After years of parliamentary stunts and shouting matches, lawmakers may have to mind their behavior to abide by the new ethical code for the legislature that MK Miki Rosenthal (Labor) and Knesset House Committee chairman Tzachi Hanegbi (Likud Beytenu) plan to submit Monday morning.
“There will be no opposition or coalition on this matter; rather, we will join hands across party lines to strengthen the legislature’s image,” Hanegbi, one of the 19th Knesset’s veteran MKs, said of the bipartisan effort.
Rosenthal, a freshman MK, posited that “authorizing the new ethics rules will give us an opportunity to sign a new agreement between MKs and the Israeli public.”
“The public’s trust in politicians has eroded to a dangerous level, but I hope the rules of behavior will renew that trust in its representatives,” he added.
The new code has rules ranging from how to treat Knesset workers – with respect, of course – to when it is appropriate to use the Knesset letterhead. Guidelines for MKs’ sartorial choices were vague, saying only that they should dress “appropriately,” as opposed to former Knesset speaker Dalia Itzik’s rules banishing jeans and sandals.
The new ethical code will deal with what is seen by many in the Knesset as the Ethics Committee’s biggest problem: a lack of authority.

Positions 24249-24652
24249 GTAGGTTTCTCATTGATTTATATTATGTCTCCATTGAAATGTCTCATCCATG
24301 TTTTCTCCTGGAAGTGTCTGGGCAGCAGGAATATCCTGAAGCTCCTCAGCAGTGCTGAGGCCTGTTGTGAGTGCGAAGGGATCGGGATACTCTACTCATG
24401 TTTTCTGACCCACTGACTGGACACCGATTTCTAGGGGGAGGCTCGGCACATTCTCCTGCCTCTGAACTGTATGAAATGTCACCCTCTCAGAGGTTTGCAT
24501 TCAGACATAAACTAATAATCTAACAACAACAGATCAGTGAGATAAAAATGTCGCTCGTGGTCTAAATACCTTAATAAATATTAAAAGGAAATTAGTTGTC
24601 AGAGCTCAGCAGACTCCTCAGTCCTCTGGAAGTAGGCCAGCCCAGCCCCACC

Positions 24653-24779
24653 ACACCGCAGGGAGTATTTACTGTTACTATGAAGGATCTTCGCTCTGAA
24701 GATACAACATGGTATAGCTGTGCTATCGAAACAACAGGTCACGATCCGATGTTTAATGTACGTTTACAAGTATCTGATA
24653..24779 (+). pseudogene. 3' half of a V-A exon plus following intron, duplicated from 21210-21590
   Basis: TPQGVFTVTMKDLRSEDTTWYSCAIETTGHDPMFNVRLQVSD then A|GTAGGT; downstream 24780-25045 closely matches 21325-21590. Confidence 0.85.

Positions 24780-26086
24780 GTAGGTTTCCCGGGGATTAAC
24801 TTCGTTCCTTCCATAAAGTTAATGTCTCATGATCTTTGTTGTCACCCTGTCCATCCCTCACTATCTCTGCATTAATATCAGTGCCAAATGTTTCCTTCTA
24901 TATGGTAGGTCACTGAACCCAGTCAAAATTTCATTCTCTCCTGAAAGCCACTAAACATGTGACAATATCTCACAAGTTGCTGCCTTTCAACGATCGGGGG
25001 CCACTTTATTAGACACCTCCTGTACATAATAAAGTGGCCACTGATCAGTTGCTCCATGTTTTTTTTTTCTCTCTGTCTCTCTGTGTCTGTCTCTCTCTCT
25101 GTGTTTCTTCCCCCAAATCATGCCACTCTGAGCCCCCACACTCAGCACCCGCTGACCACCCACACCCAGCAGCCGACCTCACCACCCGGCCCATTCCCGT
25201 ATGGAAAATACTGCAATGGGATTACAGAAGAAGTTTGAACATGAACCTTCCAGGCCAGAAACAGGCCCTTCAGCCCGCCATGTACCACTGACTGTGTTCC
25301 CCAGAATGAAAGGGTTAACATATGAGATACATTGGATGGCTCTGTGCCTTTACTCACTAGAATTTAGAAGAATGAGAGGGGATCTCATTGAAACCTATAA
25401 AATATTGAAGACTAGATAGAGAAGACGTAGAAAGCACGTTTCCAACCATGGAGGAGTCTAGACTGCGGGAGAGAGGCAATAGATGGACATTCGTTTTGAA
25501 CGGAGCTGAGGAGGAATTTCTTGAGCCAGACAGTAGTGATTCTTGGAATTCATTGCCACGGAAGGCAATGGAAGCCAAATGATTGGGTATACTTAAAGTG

According to Rosenthal and Hanegbi’s rules, the committee will be able to recommend that MKs not be chosen for special positions, such as committee chairman, and recommend that lawmakers with such roles be suspended or removed from them. In addition, the Ethics Committee will be able to dock MKs’ salaries for up to two months.
The proposed code will require the Knesset Legal Adviser to review all parliamentarians’ declarations of wealth, which they are required to submit at the start of each Knesset. MKs will not be allowed to commit to a lobbyist that they will vote one way or another.
Another article in the new ethical code will require legislators to answer letters “within a reasonable amount of time,” but allows them to decline to answer “with reasonable grounds.”
MKs will also not be able to participate in votes or run committee meetings in which they have a conflict of interest.
Hanegbi plans to put the new ethical code on his committee’s agenda in the coming weeks, and he and Rosenthal hope it will be officially authorized by the summer.
The current ethical code was passed over 30 years ago.
During the 16th Knesset, a public committee led by retired judge Yitzhak Zamir recommended new rules, and there was a House Subcommittee in the 18th Knesset led by then-Meretz MK Haim Oron meant to draft a new code, but neither effort succeeded.
Rosenthal and Hanegbi based their new code on Zamir and Oron’s versions, in addition to the 1983 version that is still in use, articles added to the existing code in the interim and Ethics Committee decisions.